Catfish is one of those predictable movies that somehow still manage to surprise. It’s somewhat of a documentary about Facebook and its capacity to give its users the power to create a perfect world for themselves. But it’s also a mystery about trust, betrayal, and sadness. It takes place around 2007 where Yaniv, a twentysomething photographer in New York, receives in the mail a painting of one of his photos. It was done by an eight year-old art prodigy named Abby.

From that point on, Nev begins sort of a relationship with the rest of her family, and brother Ariel Schulman and friend Henry Joost (both up-and-coming filmmakers, and directors of this one) decide to document the whole thing. Nev’s fascination with the family goes deeper. He has long phone conversations with mom Angela and becomes smitten with Abby’s hot older half-sister Megan. He dubs them “The Facebook family,” since much of what he learns about them comes from the social networking site. Quite taken with all of them, it becomes something of a shock when it turns out Megan, a musician, is plagiarizing other peoples songs and Abby doesn’t really have a gallery at all. Hungry for answers, as are we the audience, the three guys head off to Michigan to meet the family and separate the truth from the fiction.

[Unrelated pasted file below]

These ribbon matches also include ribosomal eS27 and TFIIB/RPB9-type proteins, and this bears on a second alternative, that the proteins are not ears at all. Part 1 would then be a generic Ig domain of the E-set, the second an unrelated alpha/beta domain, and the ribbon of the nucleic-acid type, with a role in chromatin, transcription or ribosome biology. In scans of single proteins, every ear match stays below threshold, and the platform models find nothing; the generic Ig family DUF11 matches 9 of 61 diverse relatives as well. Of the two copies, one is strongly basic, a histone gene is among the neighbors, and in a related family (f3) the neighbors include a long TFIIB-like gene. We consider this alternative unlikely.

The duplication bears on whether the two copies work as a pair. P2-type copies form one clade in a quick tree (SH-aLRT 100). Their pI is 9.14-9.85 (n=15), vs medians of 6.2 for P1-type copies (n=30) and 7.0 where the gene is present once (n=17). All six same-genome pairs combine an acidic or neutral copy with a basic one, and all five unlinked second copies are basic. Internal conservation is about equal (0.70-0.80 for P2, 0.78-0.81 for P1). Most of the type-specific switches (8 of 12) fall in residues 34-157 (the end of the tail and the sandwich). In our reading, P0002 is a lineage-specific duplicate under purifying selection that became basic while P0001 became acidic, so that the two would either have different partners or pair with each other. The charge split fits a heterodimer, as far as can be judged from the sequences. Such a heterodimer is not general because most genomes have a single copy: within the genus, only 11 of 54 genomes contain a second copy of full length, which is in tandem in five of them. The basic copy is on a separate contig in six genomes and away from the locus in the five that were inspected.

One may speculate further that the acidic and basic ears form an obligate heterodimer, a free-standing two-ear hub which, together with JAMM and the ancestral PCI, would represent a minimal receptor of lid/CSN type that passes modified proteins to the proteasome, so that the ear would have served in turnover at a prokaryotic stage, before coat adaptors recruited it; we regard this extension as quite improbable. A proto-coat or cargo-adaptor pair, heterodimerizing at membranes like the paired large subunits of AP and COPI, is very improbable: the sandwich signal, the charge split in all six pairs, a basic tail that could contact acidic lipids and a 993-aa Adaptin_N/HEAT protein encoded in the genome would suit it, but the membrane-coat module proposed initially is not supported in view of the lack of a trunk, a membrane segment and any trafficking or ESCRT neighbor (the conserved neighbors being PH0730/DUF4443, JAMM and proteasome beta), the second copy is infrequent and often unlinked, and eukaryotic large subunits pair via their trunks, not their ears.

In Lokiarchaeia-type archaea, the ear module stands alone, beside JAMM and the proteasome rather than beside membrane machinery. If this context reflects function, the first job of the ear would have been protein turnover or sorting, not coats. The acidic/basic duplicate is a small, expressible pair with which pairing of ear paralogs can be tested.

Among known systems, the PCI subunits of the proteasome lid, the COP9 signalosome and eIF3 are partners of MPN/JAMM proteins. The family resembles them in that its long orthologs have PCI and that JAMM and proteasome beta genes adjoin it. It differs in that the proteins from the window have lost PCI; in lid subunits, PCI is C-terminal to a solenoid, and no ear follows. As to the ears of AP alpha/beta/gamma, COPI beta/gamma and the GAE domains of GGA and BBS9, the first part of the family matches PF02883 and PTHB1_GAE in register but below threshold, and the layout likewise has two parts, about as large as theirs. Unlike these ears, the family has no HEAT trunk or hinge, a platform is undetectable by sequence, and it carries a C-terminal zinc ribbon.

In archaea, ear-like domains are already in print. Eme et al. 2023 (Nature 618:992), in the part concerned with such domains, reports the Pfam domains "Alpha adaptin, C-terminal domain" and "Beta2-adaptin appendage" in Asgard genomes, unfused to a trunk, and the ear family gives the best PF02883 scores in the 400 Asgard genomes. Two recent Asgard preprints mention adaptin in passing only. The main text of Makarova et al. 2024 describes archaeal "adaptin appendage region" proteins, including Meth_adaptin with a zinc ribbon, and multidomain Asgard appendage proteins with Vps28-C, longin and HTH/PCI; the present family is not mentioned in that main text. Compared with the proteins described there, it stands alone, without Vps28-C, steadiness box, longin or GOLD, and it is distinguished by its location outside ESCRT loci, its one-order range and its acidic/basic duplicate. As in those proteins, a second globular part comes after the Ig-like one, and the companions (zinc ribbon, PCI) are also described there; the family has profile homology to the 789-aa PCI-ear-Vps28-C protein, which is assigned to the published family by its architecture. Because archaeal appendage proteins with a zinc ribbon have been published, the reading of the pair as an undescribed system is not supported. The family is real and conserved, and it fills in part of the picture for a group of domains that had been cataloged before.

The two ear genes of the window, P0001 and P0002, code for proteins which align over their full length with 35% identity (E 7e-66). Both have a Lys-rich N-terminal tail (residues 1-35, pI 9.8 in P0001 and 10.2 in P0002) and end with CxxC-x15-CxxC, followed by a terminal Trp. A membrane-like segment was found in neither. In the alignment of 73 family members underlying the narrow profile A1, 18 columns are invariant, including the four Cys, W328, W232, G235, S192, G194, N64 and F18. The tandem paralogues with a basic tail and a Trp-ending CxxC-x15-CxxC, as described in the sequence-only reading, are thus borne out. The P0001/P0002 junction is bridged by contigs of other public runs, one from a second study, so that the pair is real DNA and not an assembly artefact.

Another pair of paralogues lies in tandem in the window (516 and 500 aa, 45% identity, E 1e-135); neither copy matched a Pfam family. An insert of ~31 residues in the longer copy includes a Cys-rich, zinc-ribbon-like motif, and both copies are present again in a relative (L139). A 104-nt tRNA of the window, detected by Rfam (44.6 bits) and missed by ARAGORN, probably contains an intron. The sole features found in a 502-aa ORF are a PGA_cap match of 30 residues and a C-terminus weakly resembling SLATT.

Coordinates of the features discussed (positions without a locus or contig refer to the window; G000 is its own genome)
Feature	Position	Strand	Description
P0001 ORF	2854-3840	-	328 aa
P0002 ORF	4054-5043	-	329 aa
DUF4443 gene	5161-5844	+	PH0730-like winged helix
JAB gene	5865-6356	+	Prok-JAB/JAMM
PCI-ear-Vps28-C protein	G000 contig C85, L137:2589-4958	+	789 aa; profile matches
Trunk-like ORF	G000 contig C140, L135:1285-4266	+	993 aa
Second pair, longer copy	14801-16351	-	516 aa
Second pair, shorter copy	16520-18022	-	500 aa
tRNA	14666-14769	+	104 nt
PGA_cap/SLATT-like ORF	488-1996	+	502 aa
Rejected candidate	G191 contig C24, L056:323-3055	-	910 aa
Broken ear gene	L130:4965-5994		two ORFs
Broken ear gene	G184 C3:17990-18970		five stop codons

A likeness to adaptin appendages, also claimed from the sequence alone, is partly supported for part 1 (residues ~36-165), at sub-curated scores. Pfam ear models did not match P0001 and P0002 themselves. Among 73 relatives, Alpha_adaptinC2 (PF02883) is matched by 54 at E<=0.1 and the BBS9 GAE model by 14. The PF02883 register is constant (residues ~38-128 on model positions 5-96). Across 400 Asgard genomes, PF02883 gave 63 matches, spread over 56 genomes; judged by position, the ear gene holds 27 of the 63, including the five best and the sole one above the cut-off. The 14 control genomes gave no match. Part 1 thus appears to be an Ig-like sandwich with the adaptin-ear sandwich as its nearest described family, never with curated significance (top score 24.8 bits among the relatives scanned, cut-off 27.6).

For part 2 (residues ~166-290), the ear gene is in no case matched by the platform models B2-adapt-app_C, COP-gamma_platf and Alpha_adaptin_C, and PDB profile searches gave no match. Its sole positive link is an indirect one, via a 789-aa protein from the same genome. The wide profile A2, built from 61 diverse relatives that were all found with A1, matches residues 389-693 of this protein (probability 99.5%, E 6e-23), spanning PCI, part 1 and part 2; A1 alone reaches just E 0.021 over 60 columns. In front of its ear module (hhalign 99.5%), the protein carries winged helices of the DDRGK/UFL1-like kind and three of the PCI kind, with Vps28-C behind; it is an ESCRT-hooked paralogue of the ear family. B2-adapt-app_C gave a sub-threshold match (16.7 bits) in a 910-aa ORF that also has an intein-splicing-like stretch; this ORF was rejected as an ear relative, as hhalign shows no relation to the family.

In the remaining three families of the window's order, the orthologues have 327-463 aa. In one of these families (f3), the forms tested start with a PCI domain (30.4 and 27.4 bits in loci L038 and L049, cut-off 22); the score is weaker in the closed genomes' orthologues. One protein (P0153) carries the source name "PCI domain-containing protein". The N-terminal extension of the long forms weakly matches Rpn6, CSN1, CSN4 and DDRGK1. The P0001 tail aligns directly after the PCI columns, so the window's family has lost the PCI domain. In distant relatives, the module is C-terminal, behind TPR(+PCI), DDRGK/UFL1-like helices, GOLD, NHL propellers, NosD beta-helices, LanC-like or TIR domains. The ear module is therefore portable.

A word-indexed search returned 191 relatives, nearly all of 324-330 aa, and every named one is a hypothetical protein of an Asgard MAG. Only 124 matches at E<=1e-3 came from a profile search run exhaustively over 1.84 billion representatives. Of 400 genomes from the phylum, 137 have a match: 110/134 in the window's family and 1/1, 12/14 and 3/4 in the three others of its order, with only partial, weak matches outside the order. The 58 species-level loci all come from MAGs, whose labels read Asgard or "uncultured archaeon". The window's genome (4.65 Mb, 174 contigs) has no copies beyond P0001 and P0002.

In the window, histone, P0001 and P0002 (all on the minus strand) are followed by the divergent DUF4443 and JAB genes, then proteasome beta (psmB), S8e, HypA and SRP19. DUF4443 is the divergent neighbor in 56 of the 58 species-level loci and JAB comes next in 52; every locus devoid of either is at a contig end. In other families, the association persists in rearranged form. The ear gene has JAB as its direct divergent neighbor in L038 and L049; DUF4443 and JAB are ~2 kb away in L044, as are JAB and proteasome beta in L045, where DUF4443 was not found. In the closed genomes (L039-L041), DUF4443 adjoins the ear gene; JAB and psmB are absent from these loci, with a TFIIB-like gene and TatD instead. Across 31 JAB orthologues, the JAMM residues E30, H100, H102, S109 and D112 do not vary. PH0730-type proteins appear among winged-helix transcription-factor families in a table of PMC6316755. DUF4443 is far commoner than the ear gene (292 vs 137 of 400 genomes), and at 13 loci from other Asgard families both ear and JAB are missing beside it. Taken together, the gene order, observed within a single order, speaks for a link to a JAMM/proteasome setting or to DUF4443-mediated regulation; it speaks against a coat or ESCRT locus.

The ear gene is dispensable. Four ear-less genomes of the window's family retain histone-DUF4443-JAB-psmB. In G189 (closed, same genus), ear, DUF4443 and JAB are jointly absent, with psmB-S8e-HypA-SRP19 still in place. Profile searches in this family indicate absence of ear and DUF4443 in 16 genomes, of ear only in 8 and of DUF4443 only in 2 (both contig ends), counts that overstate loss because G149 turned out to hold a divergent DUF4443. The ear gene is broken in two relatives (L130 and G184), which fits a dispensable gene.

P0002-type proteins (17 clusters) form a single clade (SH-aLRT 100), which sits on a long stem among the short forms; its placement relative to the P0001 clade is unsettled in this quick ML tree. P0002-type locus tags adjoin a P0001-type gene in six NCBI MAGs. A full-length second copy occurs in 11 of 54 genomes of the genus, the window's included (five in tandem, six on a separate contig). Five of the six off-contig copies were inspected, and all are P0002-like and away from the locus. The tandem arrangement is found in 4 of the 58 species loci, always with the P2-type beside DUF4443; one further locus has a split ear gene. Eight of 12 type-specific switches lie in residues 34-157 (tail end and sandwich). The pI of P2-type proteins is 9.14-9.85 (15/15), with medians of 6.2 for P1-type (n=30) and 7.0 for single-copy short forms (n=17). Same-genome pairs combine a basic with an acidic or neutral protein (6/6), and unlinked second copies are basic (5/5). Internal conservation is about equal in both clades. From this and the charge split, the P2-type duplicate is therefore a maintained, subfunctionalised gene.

With the vision of some kind of Texas Chainsaw Massacre family dancing around in my head, I couldn’t wait to see how the “too good to be true” bubble would burst and those early scenes do have that creepy-with-anticipation vibe to them. But Catfish is just as much about humanity as it is suspense and the interactions, intentions, psychology and secrets of its subjects prove well worth the analysis.

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